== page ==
had he been allowed time to come to himfelf, and implor-
ed the King's Mercy, his rafh expreffions muff have been
ou.h.'ered only as the effect ot a fudden Paffion, which
defer ved not the rigorous puniihment intended him. His
affair being brought before the Parliament (4), he was ac-
cufed of feveial Crimes, under the eight following Articles.
I. By his feuiticus difcourfes, he had endeavoured to draw
upon the King the hatred ol his Subjects, by accuiing him
ot unjuitiy putting Burdet to death. II. He had bribed
fome ol his duir.eiticks and others to fpread fuch a report.





p. 430.

(1) Edward's Ambafftdors were, Sir Jcbn Vonrt, John C,k Djftor of Laws, and Lewis B retell, Eiq; Rymtr's pad Tom. XII. p- 4?.

(2) This year, on "January 16, a Parliament met at Wejiminfier t In which nothing remaikabie w as done, but the creating Rict/ard, tnc King's fecond
Son, Duke of T^rk, Ac bee below, Cotton's jibridg- p. 701, 702.

(3) Oi Arrow in 11 afwickjbire. Stoitr. p. 430.

(41 The Parliament laft rmntoncd, which met en January 16. Stew, p. 4^0. ■ Whoever obfervrc, what hurry the Duke's Enemies were in to

take him oft', and the general Indignation of the People againft the King as a Fratricide, aui(l be of Sir William Du^Jaas Opinion, That the Duke was
r, i condemned and attainted in Faiiiament till after his death. Baron, Vol. II. p. 164.

1 III. He


I47 8 «


Vol. I.

III. He had faid the King made ufe of Necromancy to the Term agreed upon, to decide the differences by Arbi- 147s,
know the future. IV. He had taxed the King with poi- trators, and to promife for Lewis and his Succeffors, to
fcning innocent perfons, whom he thought he could not prolong it every third year, till all things were fettled
legally deftioy. V. He had affirmed, the King was not
Son of the Duke of York, but of an adulterer admitted by
the Duchefs their Mother to her bed. VI. Inferring from

thence, that the Crown was fallen to him, he had difco-
vered his defign to feize it, by requiring many perfons to
fwear to be true to him and his Heirs, without any excep-
tion of their Allegiance to the King. VII. He had ac

The Ambaffador being arrived at London, Edward ap-
pointed Commiffioners to treat with him, and at length
the Treaty was concluded as propofed by Lewis, though
not till February the 1 5th, 1479 (7).

What retarded a little this Negotiation was, Edward's Lt-.-.U ?■?:■
defire to fecure, firft, his Daughter Elizabeth's Marriage "JF'k D \
with the Dauphin. To that end, he fent two Amballa- 1,,)"/^.,


cwis, it is lilcel v, found fome excufe °' * 9,


of betrothing

to defer it. Mean while, he made the fecond Payment of

ten thoufand Crowns for Queen Margaret's Ranfom.

Thus Edward, contrary to his own, and the King- Lew

11, 1, [ugh

catcd • ■' j
Butt of
Hall." '

HU IJfuc.


cufed the King ofufing Magick to take away his Life, by dors (8) into France, with power to perform the Ceremony Eliza

cauling him to confume away like a Taper. VIII. Laftly,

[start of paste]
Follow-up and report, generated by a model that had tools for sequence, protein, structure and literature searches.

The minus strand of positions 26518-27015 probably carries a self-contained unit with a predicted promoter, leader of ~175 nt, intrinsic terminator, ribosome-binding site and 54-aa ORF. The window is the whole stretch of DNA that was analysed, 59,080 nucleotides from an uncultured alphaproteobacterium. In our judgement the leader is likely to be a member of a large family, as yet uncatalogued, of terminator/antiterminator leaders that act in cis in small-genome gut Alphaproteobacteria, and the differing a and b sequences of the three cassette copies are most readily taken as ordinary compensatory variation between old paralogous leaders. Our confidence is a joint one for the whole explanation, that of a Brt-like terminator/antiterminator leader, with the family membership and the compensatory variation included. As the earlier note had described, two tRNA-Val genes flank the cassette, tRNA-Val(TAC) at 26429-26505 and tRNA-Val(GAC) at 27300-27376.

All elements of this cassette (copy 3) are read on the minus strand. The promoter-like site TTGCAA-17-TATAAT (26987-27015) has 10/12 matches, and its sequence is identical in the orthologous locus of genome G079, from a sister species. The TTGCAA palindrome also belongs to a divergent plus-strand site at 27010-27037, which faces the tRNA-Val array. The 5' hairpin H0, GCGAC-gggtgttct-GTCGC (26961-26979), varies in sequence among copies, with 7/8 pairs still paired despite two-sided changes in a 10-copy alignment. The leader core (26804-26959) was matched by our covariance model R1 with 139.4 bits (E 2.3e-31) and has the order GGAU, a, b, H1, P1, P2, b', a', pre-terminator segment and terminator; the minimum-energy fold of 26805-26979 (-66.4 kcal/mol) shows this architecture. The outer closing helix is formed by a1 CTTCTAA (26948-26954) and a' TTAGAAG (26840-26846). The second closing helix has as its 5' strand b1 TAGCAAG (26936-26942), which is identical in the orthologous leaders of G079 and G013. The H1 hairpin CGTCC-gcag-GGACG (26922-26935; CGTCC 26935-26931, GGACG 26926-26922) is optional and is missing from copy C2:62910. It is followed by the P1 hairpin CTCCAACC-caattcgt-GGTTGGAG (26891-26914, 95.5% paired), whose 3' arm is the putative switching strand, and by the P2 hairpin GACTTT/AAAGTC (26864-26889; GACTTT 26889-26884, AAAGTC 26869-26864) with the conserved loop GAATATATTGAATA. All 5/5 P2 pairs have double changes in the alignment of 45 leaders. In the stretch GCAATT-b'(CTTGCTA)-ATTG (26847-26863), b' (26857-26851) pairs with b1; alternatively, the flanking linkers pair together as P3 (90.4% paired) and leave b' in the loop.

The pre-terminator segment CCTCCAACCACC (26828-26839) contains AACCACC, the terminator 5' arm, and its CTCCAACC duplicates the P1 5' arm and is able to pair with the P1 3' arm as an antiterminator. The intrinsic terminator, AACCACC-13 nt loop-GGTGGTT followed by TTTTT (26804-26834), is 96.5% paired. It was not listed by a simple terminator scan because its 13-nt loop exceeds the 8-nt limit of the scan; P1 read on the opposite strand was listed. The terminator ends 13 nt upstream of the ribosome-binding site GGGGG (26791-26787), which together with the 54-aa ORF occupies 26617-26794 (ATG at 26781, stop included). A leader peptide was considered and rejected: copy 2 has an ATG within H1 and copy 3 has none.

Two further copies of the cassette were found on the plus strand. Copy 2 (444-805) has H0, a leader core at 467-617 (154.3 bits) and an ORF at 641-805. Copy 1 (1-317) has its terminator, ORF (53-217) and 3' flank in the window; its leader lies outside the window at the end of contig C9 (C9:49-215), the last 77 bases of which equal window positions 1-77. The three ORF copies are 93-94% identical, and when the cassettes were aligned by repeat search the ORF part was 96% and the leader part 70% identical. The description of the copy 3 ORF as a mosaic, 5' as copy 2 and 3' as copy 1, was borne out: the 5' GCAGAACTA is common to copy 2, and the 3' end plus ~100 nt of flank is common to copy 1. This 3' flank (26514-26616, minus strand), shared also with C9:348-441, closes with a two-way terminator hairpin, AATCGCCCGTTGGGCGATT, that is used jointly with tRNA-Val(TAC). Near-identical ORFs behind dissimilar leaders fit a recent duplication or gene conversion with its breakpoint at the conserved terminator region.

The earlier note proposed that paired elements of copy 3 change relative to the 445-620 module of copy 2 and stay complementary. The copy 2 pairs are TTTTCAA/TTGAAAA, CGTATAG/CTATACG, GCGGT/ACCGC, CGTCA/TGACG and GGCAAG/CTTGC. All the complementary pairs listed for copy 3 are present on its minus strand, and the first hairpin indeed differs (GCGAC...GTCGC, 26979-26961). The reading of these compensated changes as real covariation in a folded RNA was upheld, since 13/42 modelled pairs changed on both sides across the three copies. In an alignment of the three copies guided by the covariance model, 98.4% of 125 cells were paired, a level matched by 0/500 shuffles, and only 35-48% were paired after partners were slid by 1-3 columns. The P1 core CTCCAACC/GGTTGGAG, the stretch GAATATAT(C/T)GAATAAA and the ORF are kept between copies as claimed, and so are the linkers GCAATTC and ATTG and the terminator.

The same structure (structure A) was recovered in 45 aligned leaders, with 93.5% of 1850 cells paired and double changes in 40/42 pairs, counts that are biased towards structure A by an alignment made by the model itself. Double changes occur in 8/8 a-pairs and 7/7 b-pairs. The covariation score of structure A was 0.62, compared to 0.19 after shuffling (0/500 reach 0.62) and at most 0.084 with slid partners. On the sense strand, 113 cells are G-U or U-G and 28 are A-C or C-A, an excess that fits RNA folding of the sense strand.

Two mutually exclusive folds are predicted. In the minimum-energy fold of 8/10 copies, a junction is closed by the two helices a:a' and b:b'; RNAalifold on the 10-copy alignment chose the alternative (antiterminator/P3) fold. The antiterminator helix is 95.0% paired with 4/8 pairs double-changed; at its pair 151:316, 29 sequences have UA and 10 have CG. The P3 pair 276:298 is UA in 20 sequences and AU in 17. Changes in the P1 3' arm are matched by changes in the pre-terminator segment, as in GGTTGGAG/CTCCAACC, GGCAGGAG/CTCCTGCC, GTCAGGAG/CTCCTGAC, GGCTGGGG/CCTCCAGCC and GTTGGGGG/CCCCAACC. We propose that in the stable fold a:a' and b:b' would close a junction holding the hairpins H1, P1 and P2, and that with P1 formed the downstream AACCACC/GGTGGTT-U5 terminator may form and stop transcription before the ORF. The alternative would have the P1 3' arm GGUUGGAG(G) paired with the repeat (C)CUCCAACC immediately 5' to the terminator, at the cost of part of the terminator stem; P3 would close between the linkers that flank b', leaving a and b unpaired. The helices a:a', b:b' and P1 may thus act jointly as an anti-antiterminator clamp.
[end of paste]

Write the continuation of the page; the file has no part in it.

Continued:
He had openly fhewn his defign to dethrone the King,

in procuring an authentick Copy of the act of Parliament

pafled during the Earl of IVarwick's Ufurpation, whereby

the Crown was adjudged to him, after the death of Henry

VI, and his Iffue-Male.

All the Hiftorians agree, it would have been very diffi-
cult to prove all thefe Articles of Impeachment, if the
King had not declared himfelf a Party, and the Queen and
the Duke of Glocejler acted underhand to have him found
guilty. Be this as it will, he was condemned to die. But
there is in this Sentence a very remarkable Circum fiance.
One of the chief reafons of his Condemnation was, his
affirming, the King not to be the Duke of York's Son,
and that very thing ferved afterwards for foundation to the
Duke of Gloce/ler to mount the Throne, in prejudice of
Edward's Children. Herein mull be admired the blind-
nefs of Men, and the Juilice of God. Edward makes
ufe of a falfc Accufation to put his Brother to death, and
thereby gives occafion to fufpicions, which are to ferve
hereafter to ruin his own Children. The Duke of da-

le Daw




dnm's Interefh, fuffered himfelf to be managed by the*^ WM *
King of France, or rather by his own Minifters, bribed Habi'ngton.
by that Prince. Lewis not content with diverting him by Biondi
his Intrigues from affifting the Duchefs of Burgundy, fent Hul ' in i n »"
him alio a Propofal to divide betwixt them that Princefs's
Dominions, offering him for his part Flanders and Bra-
bant (9). Edward clofed with the Propofal, but upon this
condition, that in exchange for the Towns conquered in
Flanders, Lewis fhould give him others in Picardv, and
particularly Boulogne (10). But Lewis was tooapprehenfive
of the neighbourhood of the Englijh, to accept that con-
dition. If he propofed to him the Conqueft of Flanders,
it was only to engage him in a war with Maximilian and
Maria, for fear he fhould one time or other repent his
deferting them.

But Edward was far from fuch a thought. Inflead 1479.
of meditating War, he entirely* abandoned himfelf to his Edwj|d

gives himjtlf

rence being condemned, all the favor he could obtain of pleafures, with intention to pals the refidue of his days^^^S
the King his Brother, was, to chufe the manner of his
death. To avoid appearing on a Scaftold, he defired (1),
to be drowned in a butt of Matmfey (2). He left one Son
named Edward, who inherited from his Grandfather, by
the Mother's Side (3), the Title of Earl of Warwick, and
a Daughter called Margaret, who was Countefs of Salis-
bury. As the death of the Duke of Clarence raifed among
the People a general Indignation, and murmurs againft the
King, it was defigned to put a flop thereunto, by expofing
his body in St. Paul's Church, and giving out he died
of immoderate Grief. But this Artifice was not capable
of amufing the People, who too plainly faw, in the Con-
demnation of that Prince, the terrible effects of his enemy's
malice (4).

About three Months before, the King had created Ed-